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Michigan State University

Superfund Research Program

Remediation Product Toxicity Evaluation Core

Project Leader: Stephen A. Boyd
Grant Number: P42ES004911
Funding Period: 1995 - 2006

Learn More About the Grantee

Visit the grantee's eNewsletter page Visit the grantee's eNewsletter page

Project Summary (2000-2006)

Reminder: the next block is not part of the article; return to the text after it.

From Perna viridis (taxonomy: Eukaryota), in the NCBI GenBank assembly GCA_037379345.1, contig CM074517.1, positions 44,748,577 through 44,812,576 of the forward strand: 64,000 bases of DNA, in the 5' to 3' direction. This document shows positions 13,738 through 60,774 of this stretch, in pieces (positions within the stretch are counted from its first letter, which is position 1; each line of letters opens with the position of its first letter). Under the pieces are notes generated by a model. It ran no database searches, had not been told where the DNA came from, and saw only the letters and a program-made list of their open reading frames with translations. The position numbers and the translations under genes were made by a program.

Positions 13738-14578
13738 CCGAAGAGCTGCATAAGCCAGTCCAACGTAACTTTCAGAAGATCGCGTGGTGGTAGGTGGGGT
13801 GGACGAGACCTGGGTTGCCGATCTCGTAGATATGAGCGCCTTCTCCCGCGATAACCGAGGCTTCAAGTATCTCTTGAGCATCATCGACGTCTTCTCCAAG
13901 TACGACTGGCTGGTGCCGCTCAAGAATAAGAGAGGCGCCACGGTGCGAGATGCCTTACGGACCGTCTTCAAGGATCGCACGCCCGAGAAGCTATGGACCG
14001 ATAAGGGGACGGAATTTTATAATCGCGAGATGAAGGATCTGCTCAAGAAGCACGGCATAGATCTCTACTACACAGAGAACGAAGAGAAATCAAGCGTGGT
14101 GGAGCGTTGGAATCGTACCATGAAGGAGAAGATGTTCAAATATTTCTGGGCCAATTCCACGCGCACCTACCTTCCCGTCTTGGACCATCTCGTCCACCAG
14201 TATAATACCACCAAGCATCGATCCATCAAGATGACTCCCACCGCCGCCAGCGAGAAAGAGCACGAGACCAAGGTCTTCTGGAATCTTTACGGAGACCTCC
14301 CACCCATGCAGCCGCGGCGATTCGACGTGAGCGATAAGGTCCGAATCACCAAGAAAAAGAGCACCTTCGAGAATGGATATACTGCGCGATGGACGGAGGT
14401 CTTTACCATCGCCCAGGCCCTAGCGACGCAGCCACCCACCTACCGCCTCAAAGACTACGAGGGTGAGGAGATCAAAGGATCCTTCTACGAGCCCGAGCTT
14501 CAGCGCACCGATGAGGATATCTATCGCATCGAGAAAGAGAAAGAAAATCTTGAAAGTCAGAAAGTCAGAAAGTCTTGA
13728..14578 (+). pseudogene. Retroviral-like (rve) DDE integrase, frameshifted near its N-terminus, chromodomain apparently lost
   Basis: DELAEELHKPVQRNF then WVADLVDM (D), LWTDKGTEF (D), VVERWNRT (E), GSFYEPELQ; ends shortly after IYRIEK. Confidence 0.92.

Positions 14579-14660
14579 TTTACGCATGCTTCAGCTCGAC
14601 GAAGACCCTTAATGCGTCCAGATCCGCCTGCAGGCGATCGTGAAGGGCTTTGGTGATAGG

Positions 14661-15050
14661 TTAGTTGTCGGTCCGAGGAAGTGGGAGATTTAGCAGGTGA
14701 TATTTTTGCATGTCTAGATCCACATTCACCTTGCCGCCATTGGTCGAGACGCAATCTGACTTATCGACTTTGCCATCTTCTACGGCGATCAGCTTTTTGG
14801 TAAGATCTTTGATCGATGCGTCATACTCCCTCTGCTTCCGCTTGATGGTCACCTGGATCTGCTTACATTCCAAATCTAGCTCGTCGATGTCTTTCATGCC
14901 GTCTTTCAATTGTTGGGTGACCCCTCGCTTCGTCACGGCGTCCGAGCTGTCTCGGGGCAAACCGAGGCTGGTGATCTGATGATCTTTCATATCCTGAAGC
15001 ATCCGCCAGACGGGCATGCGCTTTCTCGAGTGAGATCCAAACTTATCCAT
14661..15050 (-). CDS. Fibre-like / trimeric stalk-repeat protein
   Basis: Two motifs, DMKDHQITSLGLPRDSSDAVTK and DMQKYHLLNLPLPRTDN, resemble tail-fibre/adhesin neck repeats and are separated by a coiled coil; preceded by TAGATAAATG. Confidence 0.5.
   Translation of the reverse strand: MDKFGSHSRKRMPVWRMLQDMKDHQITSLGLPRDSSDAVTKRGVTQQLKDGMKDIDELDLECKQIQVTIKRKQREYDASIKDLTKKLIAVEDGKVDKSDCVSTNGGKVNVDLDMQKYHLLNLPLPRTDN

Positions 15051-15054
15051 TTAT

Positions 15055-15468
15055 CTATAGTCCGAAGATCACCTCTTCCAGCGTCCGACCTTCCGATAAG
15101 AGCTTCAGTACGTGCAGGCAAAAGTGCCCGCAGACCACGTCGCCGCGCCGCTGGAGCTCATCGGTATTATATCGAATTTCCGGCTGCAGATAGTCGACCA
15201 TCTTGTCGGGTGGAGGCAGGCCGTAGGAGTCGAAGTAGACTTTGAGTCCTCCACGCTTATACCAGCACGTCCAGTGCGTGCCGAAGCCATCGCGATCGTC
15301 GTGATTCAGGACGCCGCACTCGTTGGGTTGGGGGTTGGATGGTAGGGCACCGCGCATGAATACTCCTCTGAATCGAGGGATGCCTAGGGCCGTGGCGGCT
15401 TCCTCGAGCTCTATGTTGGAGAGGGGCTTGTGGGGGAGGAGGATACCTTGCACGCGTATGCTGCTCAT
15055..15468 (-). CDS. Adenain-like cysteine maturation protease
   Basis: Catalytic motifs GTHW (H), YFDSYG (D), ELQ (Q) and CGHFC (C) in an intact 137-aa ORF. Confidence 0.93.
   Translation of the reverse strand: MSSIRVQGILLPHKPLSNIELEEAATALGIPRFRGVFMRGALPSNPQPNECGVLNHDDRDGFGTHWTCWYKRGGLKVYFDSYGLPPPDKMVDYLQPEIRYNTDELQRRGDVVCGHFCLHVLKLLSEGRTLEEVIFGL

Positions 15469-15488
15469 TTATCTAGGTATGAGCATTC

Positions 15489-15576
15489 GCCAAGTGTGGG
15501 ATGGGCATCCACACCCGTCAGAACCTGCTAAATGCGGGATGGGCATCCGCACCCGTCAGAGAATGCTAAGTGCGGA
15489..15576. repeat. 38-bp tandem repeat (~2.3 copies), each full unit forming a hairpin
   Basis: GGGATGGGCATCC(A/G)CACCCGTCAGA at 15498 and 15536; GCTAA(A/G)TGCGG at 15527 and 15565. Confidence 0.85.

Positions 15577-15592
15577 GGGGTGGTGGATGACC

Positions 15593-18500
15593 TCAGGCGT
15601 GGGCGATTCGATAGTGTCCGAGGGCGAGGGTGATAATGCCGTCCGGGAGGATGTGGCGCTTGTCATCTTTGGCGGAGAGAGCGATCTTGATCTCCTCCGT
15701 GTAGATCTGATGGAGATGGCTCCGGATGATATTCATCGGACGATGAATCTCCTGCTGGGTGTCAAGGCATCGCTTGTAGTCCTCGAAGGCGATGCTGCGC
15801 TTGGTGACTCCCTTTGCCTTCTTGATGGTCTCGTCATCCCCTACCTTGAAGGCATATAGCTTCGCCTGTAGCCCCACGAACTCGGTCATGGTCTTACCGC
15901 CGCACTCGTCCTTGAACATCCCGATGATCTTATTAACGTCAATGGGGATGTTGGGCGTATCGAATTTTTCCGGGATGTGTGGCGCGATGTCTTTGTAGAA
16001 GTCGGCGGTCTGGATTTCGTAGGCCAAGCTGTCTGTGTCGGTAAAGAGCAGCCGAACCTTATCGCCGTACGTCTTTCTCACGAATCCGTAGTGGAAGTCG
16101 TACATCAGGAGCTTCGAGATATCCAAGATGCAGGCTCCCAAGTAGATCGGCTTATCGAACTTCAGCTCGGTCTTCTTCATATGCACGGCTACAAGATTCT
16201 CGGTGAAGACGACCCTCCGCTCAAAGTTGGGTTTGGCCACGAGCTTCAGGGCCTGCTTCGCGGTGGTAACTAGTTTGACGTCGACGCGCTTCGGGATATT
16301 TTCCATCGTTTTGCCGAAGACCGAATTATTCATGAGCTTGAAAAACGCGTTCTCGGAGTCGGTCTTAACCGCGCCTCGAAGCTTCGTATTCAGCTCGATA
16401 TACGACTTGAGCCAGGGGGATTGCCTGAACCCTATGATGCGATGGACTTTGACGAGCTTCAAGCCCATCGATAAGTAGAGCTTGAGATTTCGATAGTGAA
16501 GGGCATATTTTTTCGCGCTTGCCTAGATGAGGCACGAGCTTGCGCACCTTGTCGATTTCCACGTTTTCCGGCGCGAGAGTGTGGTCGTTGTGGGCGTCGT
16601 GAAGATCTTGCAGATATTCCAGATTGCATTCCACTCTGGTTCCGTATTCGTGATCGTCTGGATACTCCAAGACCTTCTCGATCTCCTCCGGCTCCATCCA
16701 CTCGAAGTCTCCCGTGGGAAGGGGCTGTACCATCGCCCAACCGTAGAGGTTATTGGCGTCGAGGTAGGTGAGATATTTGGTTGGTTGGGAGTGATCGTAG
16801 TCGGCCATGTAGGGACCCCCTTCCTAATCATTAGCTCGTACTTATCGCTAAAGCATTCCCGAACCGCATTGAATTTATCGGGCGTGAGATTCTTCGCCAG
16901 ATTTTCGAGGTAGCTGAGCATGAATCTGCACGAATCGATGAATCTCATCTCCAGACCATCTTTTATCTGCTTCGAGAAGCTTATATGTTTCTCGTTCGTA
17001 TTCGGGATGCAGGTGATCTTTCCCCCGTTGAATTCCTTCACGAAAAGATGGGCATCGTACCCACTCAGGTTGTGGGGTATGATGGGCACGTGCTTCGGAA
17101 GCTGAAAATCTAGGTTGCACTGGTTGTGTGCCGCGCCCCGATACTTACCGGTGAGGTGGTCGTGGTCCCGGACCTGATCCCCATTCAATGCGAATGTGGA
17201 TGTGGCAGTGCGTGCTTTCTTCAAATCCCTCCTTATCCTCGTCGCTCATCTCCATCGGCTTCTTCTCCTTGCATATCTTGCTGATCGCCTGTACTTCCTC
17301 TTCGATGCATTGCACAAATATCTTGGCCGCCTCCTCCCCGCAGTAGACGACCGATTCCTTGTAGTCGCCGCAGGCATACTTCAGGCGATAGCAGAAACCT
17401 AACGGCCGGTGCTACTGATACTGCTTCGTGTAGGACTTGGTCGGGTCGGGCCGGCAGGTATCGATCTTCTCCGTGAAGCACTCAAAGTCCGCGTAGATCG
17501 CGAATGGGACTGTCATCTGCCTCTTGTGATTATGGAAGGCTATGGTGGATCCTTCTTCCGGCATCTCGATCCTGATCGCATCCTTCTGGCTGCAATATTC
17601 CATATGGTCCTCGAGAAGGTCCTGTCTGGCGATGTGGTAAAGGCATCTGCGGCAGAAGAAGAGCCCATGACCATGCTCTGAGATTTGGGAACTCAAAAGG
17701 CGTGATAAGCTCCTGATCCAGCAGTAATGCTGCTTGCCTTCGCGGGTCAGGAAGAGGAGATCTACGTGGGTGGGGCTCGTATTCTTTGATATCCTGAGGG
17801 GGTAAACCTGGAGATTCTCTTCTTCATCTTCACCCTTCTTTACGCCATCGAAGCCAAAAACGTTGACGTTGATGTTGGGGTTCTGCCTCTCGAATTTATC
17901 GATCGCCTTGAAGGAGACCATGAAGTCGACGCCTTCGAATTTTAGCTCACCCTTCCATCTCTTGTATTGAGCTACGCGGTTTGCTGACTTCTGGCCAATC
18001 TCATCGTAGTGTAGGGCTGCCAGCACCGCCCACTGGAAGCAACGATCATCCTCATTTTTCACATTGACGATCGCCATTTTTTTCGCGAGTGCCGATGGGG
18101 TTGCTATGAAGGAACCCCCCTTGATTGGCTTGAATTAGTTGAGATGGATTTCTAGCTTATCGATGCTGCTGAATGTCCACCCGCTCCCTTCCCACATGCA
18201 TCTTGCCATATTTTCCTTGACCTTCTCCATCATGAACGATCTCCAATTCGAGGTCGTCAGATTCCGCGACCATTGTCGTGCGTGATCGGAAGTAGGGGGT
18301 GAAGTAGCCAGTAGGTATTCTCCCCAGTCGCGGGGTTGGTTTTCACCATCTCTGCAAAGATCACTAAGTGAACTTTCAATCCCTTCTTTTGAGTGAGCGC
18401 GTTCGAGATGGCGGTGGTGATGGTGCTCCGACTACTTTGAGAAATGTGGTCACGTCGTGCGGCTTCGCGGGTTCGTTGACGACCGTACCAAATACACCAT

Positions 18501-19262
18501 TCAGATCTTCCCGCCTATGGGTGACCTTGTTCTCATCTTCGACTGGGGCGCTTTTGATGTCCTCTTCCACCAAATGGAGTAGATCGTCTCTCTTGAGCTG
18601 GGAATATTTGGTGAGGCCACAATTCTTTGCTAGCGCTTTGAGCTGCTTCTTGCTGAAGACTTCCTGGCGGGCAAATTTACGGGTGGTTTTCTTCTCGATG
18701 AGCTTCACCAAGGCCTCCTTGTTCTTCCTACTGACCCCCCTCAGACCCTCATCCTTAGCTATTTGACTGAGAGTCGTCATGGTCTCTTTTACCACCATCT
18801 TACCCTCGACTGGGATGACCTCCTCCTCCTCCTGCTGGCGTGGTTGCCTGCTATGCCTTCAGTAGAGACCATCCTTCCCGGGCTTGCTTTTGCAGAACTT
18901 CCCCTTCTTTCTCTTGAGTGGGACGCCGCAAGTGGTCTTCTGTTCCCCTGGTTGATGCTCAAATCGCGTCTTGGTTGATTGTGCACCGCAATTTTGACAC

Biological and chemical remediation technologies offer the advantage of partial or complete degradation of Superfund chemicals rather than simple transfer from one compartment to another. The ultimate goal of these technologies is the complete conversion of toxic chemicals to their mineral end products such as CO2, Cl- and H2O. Frequently, however, intermediates are produced from the partial transformation of Superfund chemicals. These intermediates may have sufficient stabilities so that they exist in the environment over the time frames relevant to risk assessors and regulators. Traditionally, remediation is vewed from the standpoint of parent compound disappearance, and the assumption is that this equates to a cleaner and safer environment. However, an accurate assessment of the efficacy of remedial technologies requires knowledge of the biologic activities of stable intermediates produced during remediation, both as individual compounds and as mixtures representing their environmental occurrence. Project investigators are generating and evaluating remediation products of PCB and PAH mixtures and of halogenated solvents and metals. Results provide the basis for a more accurate assessment of remediation technologies and how to improve them, as well as a more complete understanding of the mechanisms by which Superfund chemicals and their remediation products exert their biological actions.

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